- small and sensible watches
Children are not allowed to wear:
- earrings (other than small studs),
- or rings in school.
There are safety risks if these items are worn. The school will not accept responsibility for lost belongings or for any injury sustained through wearing jewellery (including watches).
Also, unless asked to do so or unless given explicit permission by a teacher, children should not bring in items from home. This includes toys, trading cards, games and other items that are not to do with the children’s learning. The reason for this is so that personal belongings do not get lost, stolen, broken or become the cause of disagreements between children. As with jewellery, the school will not acceptability for lost, stolen or broken belongings.
The school currently has a small library housed in our portacabin on the playground. Children have access to the library with their class where they can research topics, learn to use a library, or simply read the books.
In 2020 we opened our new building that adds additional facilities for the school including classrooms, an ICT suite, informal teaching areas, meeting rooms and offices and changing/showering facilities. These additional spaces are flexible in their usage and provide much needed space for art, DT, science, music and dance provision. As we only have one hall there are always timetabling issues for such provision. Also meetings are held more privately. In order to pay for these additional facilities, 8 residential flats were constructed above the new facilities and we partnered with Hambridge homes, a developer to take this work on. We were able to achieve this valuable addition to the school through our status as a Foundation school which means we own the land that the school is on.
In addition to the construction of the new facilities for the school, the project enabled a number of school improvement projects to enhance the environment of the school and the educational achievement and wellbeing of our children. These projects include:
- Substantial improvements, refurbishments and rebuilding of the main school play areas. This was completed in 2018
- Significant investment and upgrading of the school’s IT infrastructure including tablet access for all pupils. This was completed in 2020.
- The following two prioroties were delayed because of COVID but remain a piece of work that began in 2021:
- Extensive reconfiguration of the school’s reception area and administration offices to improve safety, security and communication.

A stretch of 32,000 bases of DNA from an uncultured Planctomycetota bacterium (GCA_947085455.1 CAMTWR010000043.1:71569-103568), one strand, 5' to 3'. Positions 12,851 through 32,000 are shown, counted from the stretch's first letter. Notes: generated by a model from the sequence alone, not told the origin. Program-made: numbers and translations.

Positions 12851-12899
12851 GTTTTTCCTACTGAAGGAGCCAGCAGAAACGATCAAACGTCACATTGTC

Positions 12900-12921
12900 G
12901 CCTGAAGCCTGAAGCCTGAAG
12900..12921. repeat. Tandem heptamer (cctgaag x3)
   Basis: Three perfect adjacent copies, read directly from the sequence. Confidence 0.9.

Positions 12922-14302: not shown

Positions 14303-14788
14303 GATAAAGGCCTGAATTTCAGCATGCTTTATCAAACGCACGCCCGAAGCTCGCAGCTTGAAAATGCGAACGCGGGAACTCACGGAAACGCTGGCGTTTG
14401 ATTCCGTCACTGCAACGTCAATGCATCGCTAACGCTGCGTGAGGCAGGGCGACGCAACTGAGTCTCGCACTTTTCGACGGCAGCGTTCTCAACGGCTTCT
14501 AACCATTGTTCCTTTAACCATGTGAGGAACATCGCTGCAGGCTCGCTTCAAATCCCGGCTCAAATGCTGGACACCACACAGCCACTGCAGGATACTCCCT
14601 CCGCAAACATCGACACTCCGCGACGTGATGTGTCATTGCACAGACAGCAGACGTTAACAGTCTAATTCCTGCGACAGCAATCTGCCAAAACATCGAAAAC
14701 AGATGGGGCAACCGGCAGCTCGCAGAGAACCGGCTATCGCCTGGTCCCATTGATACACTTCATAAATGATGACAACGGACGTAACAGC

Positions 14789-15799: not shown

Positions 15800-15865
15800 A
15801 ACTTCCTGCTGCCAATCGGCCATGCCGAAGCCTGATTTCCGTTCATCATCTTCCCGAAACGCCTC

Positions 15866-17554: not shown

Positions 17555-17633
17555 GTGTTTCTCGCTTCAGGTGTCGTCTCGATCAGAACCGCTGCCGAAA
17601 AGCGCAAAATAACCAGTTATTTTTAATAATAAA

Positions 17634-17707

- Extensive renewal of the Early Years play space and internal facilities in the Nursery classrooms.
Please CLICK HERE to see presentation slides. We also have an animation of the proposed project, which can be viewed below:
Parents and Partners
The school is committed to parental involvement that supports the progress of children. Parents meetings are arranged to explain or highlight specific parts of the curriculum or any changes in the work of the school.
All classes have two sessions of PE each week. Children should wear navy or black, non baggy shorts or plain sports trousers and a white t-shirt. Football shirts, logos or overly patterned clothing are not permitted.
“Be Fit Be Fun Be Friars” t-shirts are available from the school office at a cost from £4.70. Children sometimes do not wear anything on their feet during indoor PE but must have pumps or trainers for outdoor PE. Children who are going swimming need to provide their own trunks or costume, hat and towel.
Children go on trips as part of their work on the curriculum to see places of interest, exhibitions or museums. Many of these are free but some have a cost and for those we ask for a contribution from parents. Very occasionally it may be necessary to cancel a trip if not enough contributions are forthcoming.
We ask all parents for their consent before taking children out of school and you will receive detailed information about any planned trips involving your children. We always ensure that trips are well planned and we consider any risks and prioritise children’s safety before going on a trip. Children wear hi viz jackets and “emergency tags” with school contact details on should a child get separated from the group as a whole. We do sometimes get last minute invitations to visit shows and monuments through the various community groups and we always try to take advantage of these and will let parents know.
Parents are asked to take note of the limit on spending money children are allowed to take with them, the eating arrangements and the return to school time. All trips require parent helpers as we need one adult to every three children for the nursery, one to every 4 for the reception, one adult to 6 children for years 1 and 2 and one adult to ten children for Years 3, 4, 5 and 6.
Parent helpers who act as escorts will have all their expenses paid. If you would be willing to help as a parent helper on a school trip, please let the class teacher know.